Lili Haydn has lent her silky violin tone to the likes of Tom Petty, Hootie and the Blowfish, The Rolling Stones, Tracy Chapman and even playing the classic “Kashmir” for Jimmy Page and Robert Plant in concert. On Lili, her debut album, Haydn does her best to mix her classical background with her love of rock, pop and dance music. For the most part and much to her credit, Haydn not only wrote the majority of the songs but also played violin (well, duh!), sang, produced and handled some of the programming.
The result is a mixed bag filled mostly with tasty treats. The sour apple, for me, is the lyrics. “Stranger” has a great, funky beat with lots of violin accents, but the lyrics tell the story of a “pretty teenage baby [who] has a baby of her own” and who “strips for strangers to keep her baby satisfied.” Gee ... never heard that platitude before! Then there’s the pretentious and cloying single “Take Somebody Home.” While the song is full of sonically pleasing textures, pop-rock melodies and a very cool Mideastern- meets-symphonic feel, the lyrics are rife with politics and social hand-wringing about the homeless, making me wonder how many homeless people have enjoyed a stay at the Haydn household. And then there’s her voice ... it’s nice, but despite lots of obvious work done, it really is a bit thin to compete with all the dazzling aural delights whirling about these tracks.
But that’s the bad, at least for a crusty geezer like me. Now for the good. “Someday” mixes a quirky oriental melody augmented by pizzicato strings with nice cello and a wall of distorted guitars. Weird bass and chunky, distorted guitar highlight “Real,” a song which culminates with a mysterious and powerful instrumental orgy of rumbling bass, violin, and eerie guitar. Violin accents abound in the haunting ballad “Baby,” and the dramatic “Daddy” is perhaps the pinnacle synergy of classical and rock on this album, ending in a glorious symphonic mini-movement. Also very good are the two instrumentals. “Salome” allows the violin to finally step to the forefront, floating in melody above an ethereal façade of dark dreams and regrets. Much more classical in tone is “Wants Deep,” a six-minute violin and piano duet that opens with lugubrious violin and ends with a passionate and striking flair.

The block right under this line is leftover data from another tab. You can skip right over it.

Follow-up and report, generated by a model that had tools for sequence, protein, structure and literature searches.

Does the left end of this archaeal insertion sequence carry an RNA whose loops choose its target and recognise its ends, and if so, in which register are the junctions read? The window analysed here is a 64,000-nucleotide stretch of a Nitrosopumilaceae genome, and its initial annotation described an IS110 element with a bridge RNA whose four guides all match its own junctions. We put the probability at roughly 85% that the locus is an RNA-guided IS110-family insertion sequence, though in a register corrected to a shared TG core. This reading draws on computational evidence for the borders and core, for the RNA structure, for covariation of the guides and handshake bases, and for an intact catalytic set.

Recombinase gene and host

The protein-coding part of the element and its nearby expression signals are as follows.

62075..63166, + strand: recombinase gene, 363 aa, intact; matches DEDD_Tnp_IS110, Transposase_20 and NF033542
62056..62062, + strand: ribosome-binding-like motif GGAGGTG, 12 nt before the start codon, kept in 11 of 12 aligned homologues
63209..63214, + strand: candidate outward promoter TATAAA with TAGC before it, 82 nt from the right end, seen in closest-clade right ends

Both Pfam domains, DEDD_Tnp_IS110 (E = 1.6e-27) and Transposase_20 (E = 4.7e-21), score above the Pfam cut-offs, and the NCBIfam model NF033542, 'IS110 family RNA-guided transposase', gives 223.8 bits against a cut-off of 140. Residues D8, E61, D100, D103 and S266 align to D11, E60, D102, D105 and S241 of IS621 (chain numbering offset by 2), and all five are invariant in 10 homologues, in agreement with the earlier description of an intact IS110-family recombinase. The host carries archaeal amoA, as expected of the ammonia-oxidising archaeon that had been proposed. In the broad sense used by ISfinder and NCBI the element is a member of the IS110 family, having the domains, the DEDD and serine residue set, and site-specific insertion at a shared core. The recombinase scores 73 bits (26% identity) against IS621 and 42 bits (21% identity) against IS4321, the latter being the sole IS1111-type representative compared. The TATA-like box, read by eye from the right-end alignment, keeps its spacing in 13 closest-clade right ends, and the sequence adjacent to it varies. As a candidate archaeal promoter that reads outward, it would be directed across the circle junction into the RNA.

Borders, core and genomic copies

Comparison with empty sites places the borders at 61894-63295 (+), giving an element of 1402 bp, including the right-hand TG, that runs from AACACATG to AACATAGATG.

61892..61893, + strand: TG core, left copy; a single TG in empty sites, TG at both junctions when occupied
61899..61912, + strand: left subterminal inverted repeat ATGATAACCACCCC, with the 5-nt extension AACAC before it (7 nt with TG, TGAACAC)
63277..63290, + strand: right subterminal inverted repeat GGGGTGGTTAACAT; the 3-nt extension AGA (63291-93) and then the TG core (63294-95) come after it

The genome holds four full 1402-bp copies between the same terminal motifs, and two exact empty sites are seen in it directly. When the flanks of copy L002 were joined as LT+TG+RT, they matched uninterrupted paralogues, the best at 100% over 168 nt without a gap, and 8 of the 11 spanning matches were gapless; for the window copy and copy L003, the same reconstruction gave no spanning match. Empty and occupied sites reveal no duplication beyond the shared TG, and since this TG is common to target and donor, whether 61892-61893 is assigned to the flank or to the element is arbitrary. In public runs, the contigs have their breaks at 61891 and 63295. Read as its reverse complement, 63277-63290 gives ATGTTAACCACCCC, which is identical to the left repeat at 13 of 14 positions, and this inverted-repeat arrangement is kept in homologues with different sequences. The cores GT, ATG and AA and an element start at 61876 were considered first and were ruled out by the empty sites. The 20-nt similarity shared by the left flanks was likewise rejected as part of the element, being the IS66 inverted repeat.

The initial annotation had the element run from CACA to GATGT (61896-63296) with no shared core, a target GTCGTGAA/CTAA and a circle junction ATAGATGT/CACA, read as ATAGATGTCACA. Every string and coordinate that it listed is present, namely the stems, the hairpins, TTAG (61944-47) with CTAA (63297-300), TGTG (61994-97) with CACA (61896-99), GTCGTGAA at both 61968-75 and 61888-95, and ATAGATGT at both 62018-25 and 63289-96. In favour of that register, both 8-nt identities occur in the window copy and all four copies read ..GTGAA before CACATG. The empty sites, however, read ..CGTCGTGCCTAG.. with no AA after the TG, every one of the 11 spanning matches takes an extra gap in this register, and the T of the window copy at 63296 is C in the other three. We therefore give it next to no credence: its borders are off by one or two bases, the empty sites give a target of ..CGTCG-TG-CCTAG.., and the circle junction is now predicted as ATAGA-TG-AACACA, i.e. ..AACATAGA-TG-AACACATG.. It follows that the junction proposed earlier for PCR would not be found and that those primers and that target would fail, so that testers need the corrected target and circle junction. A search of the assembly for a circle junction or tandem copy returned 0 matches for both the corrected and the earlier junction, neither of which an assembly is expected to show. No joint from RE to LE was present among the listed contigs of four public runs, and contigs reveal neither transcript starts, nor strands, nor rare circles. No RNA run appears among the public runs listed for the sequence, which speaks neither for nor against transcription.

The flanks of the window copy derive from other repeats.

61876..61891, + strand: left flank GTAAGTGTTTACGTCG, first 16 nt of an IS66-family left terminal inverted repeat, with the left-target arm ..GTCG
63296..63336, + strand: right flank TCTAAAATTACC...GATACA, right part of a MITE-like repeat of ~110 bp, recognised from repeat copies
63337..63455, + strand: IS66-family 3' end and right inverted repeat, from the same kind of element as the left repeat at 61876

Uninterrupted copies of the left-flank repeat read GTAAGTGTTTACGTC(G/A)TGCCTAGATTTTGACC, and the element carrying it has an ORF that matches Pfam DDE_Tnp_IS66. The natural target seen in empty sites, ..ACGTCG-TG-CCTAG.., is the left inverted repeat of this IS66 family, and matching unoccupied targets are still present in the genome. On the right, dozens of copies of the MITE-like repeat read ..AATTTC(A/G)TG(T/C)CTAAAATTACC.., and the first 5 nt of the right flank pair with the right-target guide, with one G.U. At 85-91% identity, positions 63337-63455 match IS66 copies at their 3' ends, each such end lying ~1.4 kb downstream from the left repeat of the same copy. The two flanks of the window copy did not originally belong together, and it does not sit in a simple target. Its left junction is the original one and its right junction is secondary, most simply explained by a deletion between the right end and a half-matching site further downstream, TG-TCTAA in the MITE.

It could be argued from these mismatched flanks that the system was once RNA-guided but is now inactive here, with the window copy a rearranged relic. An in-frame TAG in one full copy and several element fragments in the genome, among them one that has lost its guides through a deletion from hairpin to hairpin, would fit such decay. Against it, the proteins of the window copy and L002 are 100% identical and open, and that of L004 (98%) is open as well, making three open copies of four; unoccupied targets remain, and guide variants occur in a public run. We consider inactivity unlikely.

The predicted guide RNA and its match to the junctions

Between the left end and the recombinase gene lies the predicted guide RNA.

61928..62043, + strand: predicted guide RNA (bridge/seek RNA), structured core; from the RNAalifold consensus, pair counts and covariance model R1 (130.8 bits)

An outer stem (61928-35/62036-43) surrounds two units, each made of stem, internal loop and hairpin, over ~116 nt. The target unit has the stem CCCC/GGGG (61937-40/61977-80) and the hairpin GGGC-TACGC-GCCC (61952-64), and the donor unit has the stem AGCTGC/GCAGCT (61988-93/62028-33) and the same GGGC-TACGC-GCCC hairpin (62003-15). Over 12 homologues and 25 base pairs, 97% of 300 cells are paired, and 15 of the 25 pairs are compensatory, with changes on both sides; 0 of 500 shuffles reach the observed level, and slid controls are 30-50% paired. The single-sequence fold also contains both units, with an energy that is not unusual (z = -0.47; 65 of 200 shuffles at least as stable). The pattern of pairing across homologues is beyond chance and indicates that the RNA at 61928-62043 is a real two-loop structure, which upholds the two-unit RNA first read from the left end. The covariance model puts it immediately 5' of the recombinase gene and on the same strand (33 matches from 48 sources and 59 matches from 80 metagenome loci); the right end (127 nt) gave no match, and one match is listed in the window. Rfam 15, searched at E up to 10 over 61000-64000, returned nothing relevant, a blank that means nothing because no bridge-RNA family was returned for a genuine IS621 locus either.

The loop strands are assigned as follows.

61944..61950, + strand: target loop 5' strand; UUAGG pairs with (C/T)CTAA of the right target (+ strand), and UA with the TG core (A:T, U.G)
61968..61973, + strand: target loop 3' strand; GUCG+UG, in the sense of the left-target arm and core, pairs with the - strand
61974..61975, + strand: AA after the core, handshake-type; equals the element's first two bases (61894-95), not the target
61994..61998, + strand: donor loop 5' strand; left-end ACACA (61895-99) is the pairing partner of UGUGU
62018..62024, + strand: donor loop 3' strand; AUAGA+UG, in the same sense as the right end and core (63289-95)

Overall this is a very solid album. The musicianship is dead-on and the arrangements are quite inventive. Unlike the mind-bending debut album by 100 Watt Smile, where the violin is integral to the song, socking it out with the guitar in bow-to-pick trench combat, the violin parts on these sophisticated rock songs are more for added color. Still, those bored with the radio should find plenty to enjoy off this creative debut album.First published in 2003 in WhatzUP.